In another embodiment, the present invention includes a method of placing a call from any of a group of mobile terminals, in a wireless communication network capable of reporting the telephone number of the originating mobile terminal. The method comprises assigning a common number to a group of two or more mobile terminals, each mobile terminal associated with a telephone number, storing the common number in a subscriber database; storing the mobile terminal telephone numbers in the subscriber database, associating the common number with each telephone number, and when a mobile terminal in the group originates a call, reporting the common number in lieu of the telephone number associated with the mobile terminal. The method may include blocking the reporting of the telephone number of the originating mobile terminal if the communication network is incapable of reporting the common number. The actual number may be reported if the called number is included in a list of trusted numbers, or if the called number is the common number.
FIG. 1 is a functional block diagram of a wireless communication network;
FIG. 2 is a functional block diagram of a subscriber database; and
DETAILED DESCRIPTION OF THE INVENTION
FIG. 3 is a flowchart depicting a call handling procedure according to one embodiment of the present invention.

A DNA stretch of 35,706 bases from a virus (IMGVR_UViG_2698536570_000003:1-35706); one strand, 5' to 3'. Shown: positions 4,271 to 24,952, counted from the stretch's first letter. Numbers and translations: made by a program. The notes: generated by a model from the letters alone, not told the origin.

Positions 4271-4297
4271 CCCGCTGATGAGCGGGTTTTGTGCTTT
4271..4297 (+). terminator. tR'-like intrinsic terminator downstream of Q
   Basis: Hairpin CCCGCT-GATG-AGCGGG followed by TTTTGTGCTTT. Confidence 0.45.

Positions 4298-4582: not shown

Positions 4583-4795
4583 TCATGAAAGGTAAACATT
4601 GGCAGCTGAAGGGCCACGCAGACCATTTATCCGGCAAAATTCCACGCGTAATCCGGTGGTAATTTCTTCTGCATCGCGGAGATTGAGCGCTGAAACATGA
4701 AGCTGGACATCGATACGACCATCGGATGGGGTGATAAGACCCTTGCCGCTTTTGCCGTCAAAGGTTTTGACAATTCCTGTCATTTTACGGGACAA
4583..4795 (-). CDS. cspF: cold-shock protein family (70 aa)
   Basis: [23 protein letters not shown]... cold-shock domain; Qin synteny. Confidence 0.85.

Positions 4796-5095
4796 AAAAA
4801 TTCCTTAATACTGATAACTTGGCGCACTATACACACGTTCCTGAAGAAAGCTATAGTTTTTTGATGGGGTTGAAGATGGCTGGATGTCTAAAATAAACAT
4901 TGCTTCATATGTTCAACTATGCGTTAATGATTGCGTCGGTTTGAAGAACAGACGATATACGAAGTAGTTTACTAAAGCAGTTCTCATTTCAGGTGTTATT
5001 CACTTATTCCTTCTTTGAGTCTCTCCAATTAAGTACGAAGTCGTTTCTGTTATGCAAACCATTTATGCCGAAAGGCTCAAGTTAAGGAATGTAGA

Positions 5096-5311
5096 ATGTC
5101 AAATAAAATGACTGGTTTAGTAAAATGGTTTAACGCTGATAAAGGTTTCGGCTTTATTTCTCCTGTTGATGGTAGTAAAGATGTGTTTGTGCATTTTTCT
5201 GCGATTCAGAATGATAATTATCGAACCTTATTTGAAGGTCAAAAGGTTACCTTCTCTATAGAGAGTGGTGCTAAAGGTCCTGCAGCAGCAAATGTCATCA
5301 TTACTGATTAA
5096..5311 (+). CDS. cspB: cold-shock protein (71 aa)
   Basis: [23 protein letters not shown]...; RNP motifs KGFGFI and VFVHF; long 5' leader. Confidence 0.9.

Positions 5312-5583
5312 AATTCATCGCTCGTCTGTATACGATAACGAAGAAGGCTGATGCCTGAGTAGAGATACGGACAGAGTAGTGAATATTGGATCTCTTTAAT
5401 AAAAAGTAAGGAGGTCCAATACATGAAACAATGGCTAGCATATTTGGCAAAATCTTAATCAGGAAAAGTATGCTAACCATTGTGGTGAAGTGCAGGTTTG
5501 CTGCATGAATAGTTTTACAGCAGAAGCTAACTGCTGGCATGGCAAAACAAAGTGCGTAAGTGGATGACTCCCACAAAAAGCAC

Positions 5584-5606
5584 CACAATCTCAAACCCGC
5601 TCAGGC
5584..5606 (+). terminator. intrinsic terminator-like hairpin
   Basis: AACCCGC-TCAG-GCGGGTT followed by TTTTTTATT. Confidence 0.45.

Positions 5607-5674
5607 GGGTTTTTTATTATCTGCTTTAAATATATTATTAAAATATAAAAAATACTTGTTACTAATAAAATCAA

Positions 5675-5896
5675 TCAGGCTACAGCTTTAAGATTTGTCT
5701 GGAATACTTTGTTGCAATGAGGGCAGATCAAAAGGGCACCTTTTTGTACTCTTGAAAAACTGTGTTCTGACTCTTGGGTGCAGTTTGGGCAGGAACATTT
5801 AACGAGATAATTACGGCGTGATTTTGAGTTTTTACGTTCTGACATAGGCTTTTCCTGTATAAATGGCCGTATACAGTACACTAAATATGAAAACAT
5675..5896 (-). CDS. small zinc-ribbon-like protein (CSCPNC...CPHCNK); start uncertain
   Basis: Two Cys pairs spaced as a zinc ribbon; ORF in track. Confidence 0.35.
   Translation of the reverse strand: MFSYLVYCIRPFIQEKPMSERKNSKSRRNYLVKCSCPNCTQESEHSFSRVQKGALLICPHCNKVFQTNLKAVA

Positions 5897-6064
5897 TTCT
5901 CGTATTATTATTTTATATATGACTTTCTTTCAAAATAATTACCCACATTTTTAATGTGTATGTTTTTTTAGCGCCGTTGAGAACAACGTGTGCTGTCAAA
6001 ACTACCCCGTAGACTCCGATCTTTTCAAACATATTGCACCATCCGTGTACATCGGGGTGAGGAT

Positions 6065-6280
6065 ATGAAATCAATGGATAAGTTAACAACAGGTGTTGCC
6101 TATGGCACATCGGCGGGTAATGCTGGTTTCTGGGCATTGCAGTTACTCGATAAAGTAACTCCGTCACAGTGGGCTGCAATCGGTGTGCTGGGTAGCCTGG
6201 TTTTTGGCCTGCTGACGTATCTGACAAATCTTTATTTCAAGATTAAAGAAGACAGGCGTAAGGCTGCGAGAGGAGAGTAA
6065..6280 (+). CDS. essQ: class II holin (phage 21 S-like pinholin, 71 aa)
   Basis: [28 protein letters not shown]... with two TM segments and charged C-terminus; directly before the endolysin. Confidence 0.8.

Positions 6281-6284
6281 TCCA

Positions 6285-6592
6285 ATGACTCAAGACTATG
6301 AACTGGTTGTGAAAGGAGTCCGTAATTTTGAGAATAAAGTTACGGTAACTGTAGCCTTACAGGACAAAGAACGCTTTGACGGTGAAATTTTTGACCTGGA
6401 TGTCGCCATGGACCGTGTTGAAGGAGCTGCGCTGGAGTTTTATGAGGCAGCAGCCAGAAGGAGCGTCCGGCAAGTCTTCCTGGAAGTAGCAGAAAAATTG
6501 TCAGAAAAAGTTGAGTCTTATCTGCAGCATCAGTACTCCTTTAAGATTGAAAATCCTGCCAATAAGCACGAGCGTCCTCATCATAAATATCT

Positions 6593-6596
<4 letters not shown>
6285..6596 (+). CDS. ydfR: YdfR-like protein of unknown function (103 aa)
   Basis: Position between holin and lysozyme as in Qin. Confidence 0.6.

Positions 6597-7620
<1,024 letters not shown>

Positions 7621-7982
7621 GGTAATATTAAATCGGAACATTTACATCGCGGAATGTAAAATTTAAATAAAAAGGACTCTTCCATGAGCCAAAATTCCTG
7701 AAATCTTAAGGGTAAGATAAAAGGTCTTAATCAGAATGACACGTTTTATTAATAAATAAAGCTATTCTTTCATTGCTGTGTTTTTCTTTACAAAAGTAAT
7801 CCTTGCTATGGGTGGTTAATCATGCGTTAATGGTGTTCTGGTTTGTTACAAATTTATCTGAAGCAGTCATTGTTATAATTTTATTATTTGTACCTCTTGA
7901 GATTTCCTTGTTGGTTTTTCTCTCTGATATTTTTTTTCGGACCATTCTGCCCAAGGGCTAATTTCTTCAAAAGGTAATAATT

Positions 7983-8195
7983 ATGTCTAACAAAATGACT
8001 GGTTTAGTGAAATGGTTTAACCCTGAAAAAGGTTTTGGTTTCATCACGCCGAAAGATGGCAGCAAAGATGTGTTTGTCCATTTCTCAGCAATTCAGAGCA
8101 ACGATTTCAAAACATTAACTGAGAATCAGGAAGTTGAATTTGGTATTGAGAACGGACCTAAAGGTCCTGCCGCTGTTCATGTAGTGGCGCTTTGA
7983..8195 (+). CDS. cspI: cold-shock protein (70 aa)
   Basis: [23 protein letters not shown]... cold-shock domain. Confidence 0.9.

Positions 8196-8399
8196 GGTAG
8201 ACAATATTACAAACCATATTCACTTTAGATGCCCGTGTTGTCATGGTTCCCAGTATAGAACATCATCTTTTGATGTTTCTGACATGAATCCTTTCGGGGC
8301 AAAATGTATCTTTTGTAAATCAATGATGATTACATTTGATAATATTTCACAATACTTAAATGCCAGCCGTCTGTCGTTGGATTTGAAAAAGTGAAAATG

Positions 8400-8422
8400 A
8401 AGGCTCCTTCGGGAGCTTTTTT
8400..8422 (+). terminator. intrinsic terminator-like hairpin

A geographically limited portion of a typical wireless communication network 10 is depicted in FIG. 1. The network 10 contains a Mobile Switching Center (MSC) 12, a Base Station Controller (BSC) 14, a plurality of Radio Base Stations (RBSs) 16, a Home Location Register (HLR) 20, and a Visitor Location Register (VLR) 22. Note that the network 10 may include multiple instances of some or all of these elements in portions covering different geographic areas. RBSs 16 establish and maintain wireless voice and data communications links with mobile terminals 18, such as via radio frequency transmissions. Each RBS 16 provides wireless communication to mobile terminals 18 within its geographic coverage region, or cell. One or more RBSs 16 may be controlled by a BSC 14, which routes communications between the RBSs 16, or between an RBS 16 and an MSC 12. Alternatively, one or more RBSs 16 may be controlled directly by the MSC 12.
The MSC 12 is operative to connect calls between RBSs 16; between a RBS 16 and a RBS 16 connected to a different MSC 12 (not shown); or between a RBS 16 and another communication network, such as the Public Switched Telephone Network (PSTN) 24. The MSC 12 additionally controls the operation of mobile terminals 18 within the coverage regions or cells of RBSs 16 under its control. The MSC 12 selects one of a number of free communications channels, such as indicated by the BSC 14 to be available at the site, to be used by a mobile terminal 18 for call traffic, which may comprise speech or data. Alternatively, channel selection may by performed by the BSC 14. The selected communications channel may be a frequency, a timeslot, a CDMA code, a frequency hopping pattern or any combination of these, depending on the radio air-interface standard in use. The parameters of the selected traffic channel are sent to the mobile terminal 18 in a channel assignment message that is transmitted on the calling channel or on a temporary channel, which can both be referred to as a “call set-up channel.” The mobile terminal 18 then leaves the call set-up channel and commences transmitting and receiving on the assigned traffic channel.